A fourteen year veteran of the Smithville Police Department is being promoted.
The Smithville Aldermen Monday night voted 5-0 to promote Lieutenant Steven Leffew to the rank of Captain.
The recommendation was made by Alderman and Police Commissioner Aaron Meeks and Smithville Police Chief Randy Caplinger.
In making the recommendation, Meeks said "all of you are very familiar with Lieutenant Leffew and the work he has done over the years. I believe he has been with us for fourteen years. On two separate occasions, he has acted for us in the position of "officer-in-charge" of the police department and did an admirable job in both instances. I had the opportunity to work with Lieutenant Leffew the last time he was "officer-in-charge" and saw what he actually got done. You wouldn't believe the pile of trash beside the police department that they took out from back there. I commend all of the officers for that work. But I also commend Lieutenant Leffew for being available, ready, and willing to work for us at any time. I've never heard him complain, grumble, or gripe about having to do anything. He's done an outstanding job and we would like to promote Lieutenant Leffew to Captain."
Chief Caplinger added that "Lieutenant Leffew has truly been my right hand since I've been here. I've known Steven since he went to work as a police officer. I was stationed here as a trooper. I've never had any problem out of him. He's been admirable over these years. He's been professional. Steven has been to some of the classes where a lot of people hasn't been. He's well trained. One of the most elite classes in the United States for a police officer is the Police Staff and Command from Northwestern University. That's a highly sought after position. It's a school that not everyone can get into. It's important enough that it was nine months long when it was first offered and Steven completed that. He did it admirably. He is certified as a meth clandestine lab technician. He's a certified training officer, certified chemical weapons instructor, certified defensive tactics instructor and he has served twice as an interim chief and did an admirable job. I couldn't ask for anyone to be more deserving of this position and I would ask for your vote and support to promote him to captain for the Smithville Police Department."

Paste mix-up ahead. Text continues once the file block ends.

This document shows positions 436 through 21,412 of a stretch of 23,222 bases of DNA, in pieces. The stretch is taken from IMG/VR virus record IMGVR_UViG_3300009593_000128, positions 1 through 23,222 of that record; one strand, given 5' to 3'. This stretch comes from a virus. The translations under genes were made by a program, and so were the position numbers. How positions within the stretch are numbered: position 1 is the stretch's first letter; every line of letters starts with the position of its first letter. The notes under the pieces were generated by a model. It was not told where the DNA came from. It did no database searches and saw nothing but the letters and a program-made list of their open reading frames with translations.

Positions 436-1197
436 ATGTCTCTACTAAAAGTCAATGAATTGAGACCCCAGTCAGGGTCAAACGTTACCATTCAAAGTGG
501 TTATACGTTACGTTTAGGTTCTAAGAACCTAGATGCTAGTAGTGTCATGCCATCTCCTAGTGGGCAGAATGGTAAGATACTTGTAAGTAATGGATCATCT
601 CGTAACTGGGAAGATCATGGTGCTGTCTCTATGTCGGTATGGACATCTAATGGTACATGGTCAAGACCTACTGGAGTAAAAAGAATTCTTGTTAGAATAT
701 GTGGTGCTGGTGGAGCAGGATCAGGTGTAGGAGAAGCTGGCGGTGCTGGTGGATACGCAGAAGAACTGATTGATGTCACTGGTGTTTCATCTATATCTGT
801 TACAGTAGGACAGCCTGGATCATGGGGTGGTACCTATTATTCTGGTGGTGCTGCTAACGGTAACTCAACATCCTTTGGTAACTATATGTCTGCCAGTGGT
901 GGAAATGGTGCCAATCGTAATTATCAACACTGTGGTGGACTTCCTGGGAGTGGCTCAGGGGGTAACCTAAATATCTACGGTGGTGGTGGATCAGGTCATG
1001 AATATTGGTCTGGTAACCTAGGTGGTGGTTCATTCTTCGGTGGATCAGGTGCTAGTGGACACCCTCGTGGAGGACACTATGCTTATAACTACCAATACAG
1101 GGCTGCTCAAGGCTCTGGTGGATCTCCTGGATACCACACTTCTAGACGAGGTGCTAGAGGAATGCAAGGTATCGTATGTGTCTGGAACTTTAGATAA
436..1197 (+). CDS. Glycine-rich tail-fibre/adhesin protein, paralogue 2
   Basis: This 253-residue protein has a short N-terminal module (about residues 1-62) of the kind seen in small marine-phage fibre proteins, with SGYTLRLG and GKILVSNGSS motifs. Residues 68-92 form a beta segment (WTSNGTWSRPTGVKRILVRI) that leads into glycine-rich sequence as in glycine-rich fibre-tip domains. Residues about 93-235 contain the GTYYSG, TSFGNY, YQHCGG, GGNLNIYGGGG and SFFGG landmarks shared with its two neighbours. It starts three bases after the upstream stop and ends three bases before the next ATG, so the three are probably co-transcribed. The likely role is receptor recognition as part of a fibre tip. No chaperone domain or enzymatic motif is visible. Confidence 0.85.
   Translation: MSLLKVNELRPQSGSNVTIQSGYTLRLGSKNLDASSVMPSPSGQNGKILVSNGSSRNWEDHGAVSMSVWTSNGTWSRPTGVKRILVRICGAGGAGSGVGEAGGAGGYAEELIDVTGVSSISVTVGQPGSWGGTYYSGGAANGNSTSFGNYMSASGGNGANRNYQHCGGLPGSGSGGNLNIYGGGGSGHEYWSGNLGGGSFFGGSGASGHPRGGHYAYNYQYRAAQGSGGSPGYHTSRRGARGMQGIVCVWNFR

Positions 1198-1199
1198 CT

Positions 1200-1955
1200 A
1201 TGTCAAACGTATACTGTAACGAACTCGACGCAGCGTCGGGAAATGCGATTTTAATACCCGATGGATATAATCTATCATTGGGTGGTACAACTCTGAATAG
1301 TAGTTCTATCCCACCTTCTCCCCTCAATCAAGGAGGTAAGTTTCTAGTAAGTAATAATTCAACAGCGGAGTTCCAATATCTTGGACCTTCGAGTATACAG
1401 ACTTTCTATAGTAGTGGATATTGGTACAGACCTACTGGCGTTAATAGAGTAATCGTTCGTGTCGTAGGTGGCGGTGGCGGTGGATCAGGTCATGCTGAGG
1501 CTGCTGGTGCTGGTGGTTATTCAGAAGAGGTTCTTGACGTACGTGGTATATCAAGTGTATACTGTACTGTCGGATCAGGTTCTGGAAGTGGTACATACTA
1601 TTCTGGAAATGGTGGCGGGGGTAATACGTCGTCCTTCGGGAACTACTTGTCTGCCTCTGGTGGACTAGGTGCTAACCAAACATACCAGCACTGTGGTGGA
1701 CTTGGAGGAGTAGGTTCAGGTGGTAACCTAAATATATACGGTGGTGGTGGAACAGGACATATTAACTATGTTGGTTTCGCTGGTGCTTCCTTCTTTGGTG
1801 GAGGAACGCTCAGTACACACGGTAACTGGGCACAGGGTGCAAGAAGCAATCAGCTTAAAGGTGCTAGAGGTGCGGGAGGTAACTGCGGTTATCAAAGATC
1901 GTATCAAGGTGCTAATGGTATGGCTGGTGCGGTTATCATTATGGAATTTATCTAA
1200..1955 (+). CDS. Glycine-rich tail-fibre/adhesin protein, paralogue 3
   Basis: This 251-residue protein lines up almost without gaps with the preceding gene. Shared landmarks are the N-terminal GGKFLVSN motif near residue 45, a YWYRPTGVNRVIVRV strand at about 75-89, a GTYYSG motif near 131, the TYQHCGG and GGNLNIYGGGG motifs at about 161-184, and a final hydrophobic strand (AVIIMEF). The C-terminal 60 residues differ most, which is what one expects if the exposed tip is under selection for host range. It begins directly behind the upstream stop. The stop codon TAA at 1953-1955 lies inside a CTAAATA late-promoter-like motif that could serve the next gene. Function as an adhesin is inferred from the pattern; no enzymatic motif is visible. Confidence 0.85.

Mayor Taft Hendrixson also praised Lieutenant Leffew. "He's a big help to everyone here. You can ask him for anything and he'll try to do it for you. He never complains. I would recommend that this happen also myself."
Meanwhile, he gets to keep his job, but city secretary-treasurer Hunter Hendrixson will have to serve out a five day suspension without pay for allegedly "deliberately falsifying city records" in violation of city rules of conduct based on findings in a recent state audit.
Click here to read state audit report
The Smithville aldermen Monday night voted 3 to 2 to impose the suspension, based upon a recommendation of city attorney Vester Parsley, Jr., which will begin at the discretion of Mayor Taft Hendrixson. Aldermen Aaron Meeks, Shawn Jacobs, and Cecil Burger voted for the suspension but Alderman Stephen White and W.J. (Dub) White voted against the suspension because they wanted to fire Hendrixson.
Prior to the vote on the suspension, Alderman Stephen White made a motion to dismiss Hunter Hendrixson. Alderman W.J. (Dub) White seconded the motion but Aldermen Meeks, Jacobs and Burger voted against firing him so White's motion failed on a 2 to 3 vote.
City attorney Parsley explained to the aldermen earlier in the discussions Monday night that according to city ordinances regarding rules of conduct, Hunter Hendrixson could receive a suspension without pay for three or five days or even some other punishment based on the violations. Parsley recommended that the board go with either a three or five day suspension in this case. According to the ordinance, if the mayor investigates and determines that there is some merit to the allegations, he has an obligation to bring it to the entire board of alderman and to give notice to the secretary-treasurer of the allegations (state audit findings). Mayor Hendrixson apparently met that requirement of the ordinance and notified Hendrixson and members of the board.
In the letter to Hunter Hendrixson, Mayor Hendrixson wrote that "I have determined that it appears you may have violated the City of Smithville rules of conduct by deliberately falsifying city records and there has been an intentional deviation from established work procedures without authorization in that you signed my name to a check dated April 17th, 2010 without my permission, also you made certain payments to Smithville Golf Management and an insurance company without authorization and failed to bill Smithville Golf Management for water usage from September 2008 through July, 2010, all of the above without authorization from myself or the Board of Aldermen. You shall be awarded the opportunity to present your position in this matter. You may have an attorney present to represent you. This matter will be placed on the agenda for the regular board meeting to be held on February 7th at 7:00 p.m. at its regular meeting place."
City attorney Parsley said while these allegations may have amounted to a violation of protocol, there was no criminal activity in that "there was no benefit to Hunter" in his actions.
However, Alderman Stephen White suggested that Hendrixson has overstepped his authority on more than one occasion and that he should be held accountable. He also stressed that the city charter, which supercedes city ordinances, provides for termination in the case of "insubordination". "There are more than just two incidents where this has happened. The insubordination of carrying out the board's wishes and policies is something that has taken place again and again over these years. I don't know how many times we have heard Hunter say "I took it upon myself". He's taken a lot of these things and made them his decision and acted outside his authority."